The Americans with Disabilities Act and Title VII do not apply to churches or religious institutions. But, what happens when the church operates a secular activity, such as a school? It depends. The church can require that teachers conform to particular church doctrine. As this decision explains, however, much depends on whether the teacher’s duties are ministerial, like a minister, or secular. See EEOC v. Hosanna-Tabor Evangelical Lutheran Church and School. At the Hosanna school, they had what they referred to as "called" teachers. Called teachers were expected to perform some 45 minutes of religious instruction out of a seven hour work day. Called teachers were full-time. The contract teachers were not always full-time. The Sixth Circuit Court of Appeals (federal court) found the 45 minutes was too little time to qualify for the ministerial exception to the ADA.
The plaintiff was a teacher ho returned to work from leave related to her disability. The school then fired her when she threatened to take legal action. This alleged retaliation, held the Sixth Circuit, was not barred by the ministerial exception. The teacher, even at a religious school, had the right to protection for her anti-discriminatory activity.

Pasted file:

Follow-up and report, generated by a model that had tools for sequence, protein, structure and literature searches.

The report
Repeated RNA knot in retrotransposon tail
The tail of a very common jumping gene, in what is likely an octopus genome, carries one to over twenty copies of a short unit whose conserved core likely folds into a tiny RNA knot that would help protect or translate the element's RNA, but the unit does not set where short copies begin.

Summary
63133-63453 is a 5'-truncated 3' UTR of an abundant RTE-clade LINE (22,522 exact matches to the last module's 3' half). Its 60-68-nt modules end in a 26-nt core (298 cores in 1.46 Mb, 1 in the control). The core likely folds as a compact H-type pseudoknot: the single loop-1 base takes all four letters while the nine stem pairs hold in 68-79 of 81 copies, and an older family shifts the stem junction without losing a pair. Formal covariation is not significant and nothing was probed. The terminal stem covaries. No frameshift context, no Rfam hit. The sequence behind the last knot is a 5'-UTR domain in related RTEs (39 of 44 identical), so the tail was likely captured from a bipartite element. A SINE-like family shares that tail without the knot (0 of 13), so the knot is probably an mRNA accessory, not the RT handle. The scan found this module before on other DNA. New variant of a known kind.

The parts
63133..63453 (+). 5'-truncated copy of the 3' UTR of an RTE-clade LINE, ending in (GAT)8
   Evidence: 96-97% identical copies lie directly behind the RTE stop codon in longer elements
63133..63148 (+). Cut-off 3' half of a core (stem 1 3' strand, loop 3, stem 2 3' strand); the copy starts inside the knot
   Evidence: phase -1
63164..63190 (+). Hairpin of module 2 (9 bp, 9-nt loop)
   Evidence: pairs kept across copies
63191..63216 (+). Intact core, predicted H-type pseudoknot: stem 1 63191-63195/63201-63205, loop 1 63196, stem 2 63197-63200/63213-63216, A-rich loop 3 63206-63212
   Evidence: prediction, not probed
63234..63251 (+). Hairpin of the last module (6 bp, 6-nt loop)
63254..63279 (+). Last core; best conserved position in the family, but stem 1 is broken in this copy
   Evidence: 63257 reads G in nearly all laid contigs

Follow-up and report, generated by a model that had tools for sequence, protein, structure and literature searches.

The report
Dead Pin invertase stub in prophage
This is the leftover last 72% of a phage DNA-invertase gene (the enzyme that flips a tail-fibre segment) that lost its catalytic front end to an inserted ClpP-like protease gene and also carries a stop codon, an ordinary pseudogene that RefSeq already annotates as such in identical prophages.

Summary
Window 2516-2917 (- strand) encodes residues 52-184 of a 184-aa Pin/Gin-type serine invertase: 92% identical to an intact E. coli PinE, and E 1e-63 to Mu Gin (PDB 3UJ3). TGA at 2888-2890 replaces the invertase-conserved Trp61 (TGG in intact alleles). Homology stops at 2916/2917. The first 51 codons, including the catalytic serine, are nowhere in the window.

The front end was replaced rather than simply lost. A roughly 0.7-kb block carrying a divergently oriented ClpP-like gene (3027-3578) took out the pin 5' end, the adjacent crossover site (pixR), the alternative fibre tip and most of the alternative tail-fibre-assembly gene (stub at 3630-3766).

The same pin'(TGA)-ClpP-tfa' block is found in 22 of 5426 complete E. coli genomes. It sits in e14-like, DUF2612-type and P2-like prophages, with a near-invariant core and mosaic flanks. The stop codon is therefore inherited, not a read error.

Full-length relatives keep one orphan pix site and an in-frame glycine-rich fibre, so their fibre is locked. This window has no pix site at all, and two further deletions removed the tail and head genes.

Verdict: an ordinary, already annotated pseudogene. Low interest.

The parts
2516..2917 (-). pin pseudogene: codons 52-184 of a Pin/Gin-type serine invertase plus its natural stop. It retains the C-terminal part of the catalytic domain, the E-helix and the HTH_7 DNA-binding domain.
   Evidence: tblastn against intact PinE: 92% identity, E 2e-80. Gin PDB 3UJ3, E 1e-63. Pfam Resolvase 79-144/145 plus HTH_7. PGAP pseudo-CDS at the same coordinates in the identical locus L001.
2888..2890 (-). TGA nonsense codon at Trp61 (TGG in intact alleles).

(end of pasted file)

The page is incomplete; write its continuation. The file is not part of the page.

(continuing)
What probably made things difficult for the school was that they had "called" teachers and contract teachers. Called teachers had to conform to church doctrine, while contract teachers did not. Yet, their duties were virtually identical. Both taught religious education. Both types of teachers performed essentially the same duties. So, the school could not sincerely argue that called teachers performed ministerial duties often enough to fit the ministerial definition.
As Law Professor points out, the school only attempted at appeal to claim that the teacher was fired for reasons related to church doctrine. Anytime an argument first appears on appeal, it looks suspicious. By that point, it was too late, said the court. A new approach to evidence so late appears less than sincere.